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Planetesimals
Early Differentiation and Consequences for Planets

$140.00 (C)

Part of Cambridge Planetary Science

Benjamin P. Weiss, Erik Asphaug, William Bottke, A. Morbidelli, Timothy J. McCoy, Emma S. Bullock, Julie Castillo-Rogez, Edward Young, Roger R. Fu, Richard C. Greenwood, Linda T. Elkins-Tanton, Alex M. Ruzicka, Henning Haack, Nancy L. Chabot, Edward R. D. Scott, Lionel Wilson, Klaus Keil, Aaron Scheinberg, Sabine Stanley, Richard J. Harrison, James F. J. Bryson, Claire I. O. Nichols, Thorsten Kleine, Meenakshi Wadhwa, Anat Shahar, Paul Savage, Fred Moynier, Pierre Vernazza, Pierre Beck, Thomas H. Burbine, Francesca E. DeMeo, Andrew S. Rivkin, Vishnu Reddy, Carol A. Raymond, Christopher T. Russell, Harry Y. McSween, Jr, Andrew N. Youdin, George H. Rieke
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  • Date Published: March 2017
  • availability: In stock
  • format: Hardback
  • isbn: 9781107118485

$ 140.00 (C)
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About the Authors
  • Processes governing the evolution of planetesimals are critical to understanding how rocky planets are formed, how water is delivered to them, the origin of planetary atmospheres, how cores and magnetic dynamos develop, and ultimately, which planets have the potential to be habitable. Theoretical advances and new data from asteroid and meteorite observations, coupled with spacecraft missions such as Rosetta and Dawn, have led to major advances in this field over the last decade. This transdisciplinary volume presents an authoritative overview of the latest in our understanding of the processes of planet formation. Combining meteorite, asteroid and icy body observations with theory and modelling of accretion and orbital dynamics, this text also provides insights into the exoplanetary system and the search for habitable worlds. This is an essential reference for those interested in planetary formation, solar system dynamics, exoplanets and planetary habitability.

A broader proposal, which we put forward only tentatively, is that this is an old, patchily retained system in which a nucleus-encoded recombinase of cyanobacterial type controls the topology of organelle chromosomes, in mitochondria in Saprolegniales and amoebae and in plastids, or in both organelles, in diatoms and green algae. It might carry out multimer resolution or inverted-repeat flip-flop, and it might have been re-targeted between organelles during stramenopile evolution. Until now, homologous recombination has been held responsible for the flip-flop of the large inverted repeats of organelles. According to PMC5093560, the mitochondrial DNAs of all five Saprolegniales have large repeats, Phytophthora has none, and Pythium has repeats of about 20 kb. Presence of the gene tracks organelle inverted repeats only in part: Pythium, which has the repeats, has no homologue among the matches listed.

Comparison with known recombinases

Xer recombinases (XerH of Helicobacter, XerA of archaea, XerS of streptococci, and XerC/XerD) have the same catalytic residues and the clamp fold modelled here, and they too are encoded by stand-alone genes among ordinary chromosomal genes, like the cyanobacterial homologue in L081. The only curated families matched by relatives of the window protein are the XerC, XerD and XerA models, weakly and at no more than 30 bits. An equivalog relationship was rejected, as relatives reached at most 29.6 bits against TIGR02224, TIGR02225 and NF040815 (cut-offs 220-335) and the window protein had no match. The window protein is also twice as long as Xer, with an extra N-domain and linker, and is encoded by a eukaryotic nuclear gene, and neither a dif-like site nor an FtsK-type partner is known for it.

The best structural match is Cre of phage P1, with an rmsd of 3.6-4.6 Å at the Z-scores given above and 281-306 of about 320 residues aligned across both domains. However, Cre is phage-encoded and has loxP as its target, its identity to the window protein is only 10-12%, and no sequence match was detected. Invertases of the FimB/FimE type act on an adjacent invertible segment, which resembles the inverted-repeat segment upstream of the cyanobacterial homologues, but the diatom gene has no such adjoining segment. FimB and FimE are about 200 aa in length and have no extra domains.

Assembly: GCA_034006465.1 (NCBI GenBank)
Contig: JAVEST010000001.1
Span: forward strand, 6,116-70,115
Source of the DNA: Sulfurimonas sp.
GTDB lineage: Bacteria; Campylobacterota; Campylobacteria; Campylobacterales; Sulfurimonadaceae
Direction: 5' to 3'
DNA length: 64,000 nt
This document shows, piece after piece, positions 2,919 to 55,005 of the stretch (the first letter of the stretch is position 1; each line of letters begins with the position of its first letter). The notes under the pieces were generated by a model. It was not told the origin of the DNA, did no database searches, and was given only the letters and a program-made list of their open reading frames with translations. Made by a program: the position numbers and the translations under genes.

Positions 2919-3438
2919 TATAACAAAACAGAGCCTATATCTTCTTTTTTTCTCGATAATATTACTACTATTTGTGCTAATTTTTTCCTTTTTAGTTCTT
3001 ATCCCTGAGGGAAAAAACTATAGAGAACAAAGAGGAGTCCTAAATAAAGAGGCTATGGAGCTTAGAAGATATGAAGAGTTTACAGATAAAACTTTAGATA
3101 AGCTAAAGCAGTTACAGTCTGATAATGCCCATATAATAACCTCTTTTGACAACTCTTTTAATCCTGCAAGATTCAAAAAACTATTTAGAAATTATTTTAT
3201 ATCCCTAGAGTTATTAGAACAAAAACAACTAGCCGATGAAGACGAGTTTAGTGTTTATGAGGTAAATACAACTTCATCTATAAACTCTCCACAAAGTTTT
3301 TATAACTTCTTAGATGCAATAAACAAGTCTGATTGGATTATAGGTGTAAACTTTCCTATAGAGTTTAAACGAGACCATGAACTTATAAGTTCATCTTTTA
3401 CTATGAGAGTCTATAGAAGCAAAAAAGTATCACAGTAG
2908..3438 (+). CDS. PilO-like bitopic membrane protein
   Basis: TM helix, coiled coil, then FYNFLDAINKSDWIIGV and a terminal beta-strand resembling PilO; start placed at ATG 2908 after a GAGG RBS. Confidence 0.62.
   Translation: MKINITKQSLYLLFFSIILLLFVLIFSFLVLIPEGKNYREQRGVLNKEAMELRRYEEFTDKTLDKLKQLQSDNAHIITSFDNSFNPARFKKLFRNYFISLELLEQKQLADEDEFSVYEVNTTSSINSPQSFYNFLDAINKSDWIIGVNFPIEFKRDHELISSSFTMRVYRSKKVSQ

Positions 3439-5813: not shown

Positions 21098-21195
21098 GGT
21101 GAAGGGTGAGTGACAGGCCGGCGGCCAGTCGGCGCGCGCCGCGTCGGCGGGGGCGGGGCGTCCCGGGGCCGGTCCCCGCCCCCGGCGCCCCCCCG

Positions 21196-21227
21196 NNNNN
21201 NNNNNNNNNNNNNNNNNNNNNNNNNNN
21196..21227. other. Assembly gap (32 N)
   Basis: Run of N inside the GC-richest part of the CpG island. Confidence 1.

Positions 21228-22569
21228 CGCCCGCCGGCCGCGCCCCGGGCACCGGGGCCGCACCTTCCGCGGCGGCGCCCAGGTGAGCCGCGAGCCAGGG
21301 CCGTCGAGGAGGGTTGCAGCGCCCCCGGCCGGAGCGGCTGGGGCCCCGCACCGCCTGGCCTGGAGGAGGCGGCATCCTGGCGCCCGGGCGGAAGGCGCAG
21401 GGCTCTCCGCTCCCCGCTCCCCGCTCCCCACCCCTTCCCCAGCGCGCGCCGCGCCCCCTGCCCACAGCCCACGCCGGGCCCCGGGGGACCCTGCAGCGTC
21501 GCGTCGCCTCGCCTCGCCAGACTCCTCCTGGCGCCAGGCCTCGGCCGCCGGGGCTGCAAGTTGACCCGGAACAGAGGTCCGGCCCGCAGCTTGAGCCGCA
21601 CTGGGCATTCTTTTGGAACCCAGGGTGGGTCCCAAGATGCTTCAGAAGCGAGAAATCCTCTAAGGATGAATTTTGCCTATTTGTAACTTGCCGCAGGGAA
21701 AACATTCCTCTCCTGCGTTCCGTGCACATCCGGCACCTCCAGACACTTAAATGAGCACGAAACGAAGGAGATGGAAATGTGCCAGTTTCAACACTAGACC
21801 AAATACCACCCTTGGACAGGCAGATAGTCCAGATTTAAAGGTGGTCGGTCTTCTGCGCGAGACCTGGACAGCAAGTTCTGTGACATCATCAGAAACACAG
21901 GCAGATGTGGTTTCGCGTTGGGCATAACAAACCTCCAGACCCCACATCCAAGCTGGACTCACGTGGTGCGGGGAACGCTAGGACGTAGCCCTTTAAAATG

• Review chapters serve as a broad introduction to the interdisciplinary field of planetesimals, the building blocks of planets
    • Connects the science of meteorites and asteroids with mission discoveries and theory
    • Focuses on the underlying chemical and physical processes governing planetesimals, as well as discussing recent developments in measurement and theory
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    Reviews & endorsements

    '… a host of academic cosmogonists, meteoriticists, Solar System dynamicists, and planetary physicists have collaborated to write 17 review papers. These are collected to form this impressive book, one that is beautifully produced, well-illustrated and an ideal introduction to the topic for a researcher qualified in maths and physics … I recommend this book unreservedly. I was left with a feeling of great gratitude to the researchers who have spent so much time in explaining so clearly the intricacies of these minor solar System bodies.' David W. Hughes, The Observatory

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    Product details

    • Date Published: March 2017
    • format: Hardback
    • isbn: 9781107118485
    • length: 394 pages
    • dimensions: 252 x 180 x 24 mm
    • weight: 0.99kg
    • contains: 88 b/w illus. 40 colour illus.
    • availability: In stock
  • Table of Contents

    List of contributors
    1. Planetesimals Benjamin P. Weiss
    Part I. Dynamical Evolution:
    2. Signatures of hit and run collisions Erik Asphaug
    3. Using the main asteroid belt to constrain planetesimal and planet formation William Bottke and A. Morbidelli
    Part II. Chemical and Mineralogical Diversity:
    4. Differentiation under highly reducing conditions: new insights from meteorites and mercury Timothy J. McCoy and Emma S. Bullock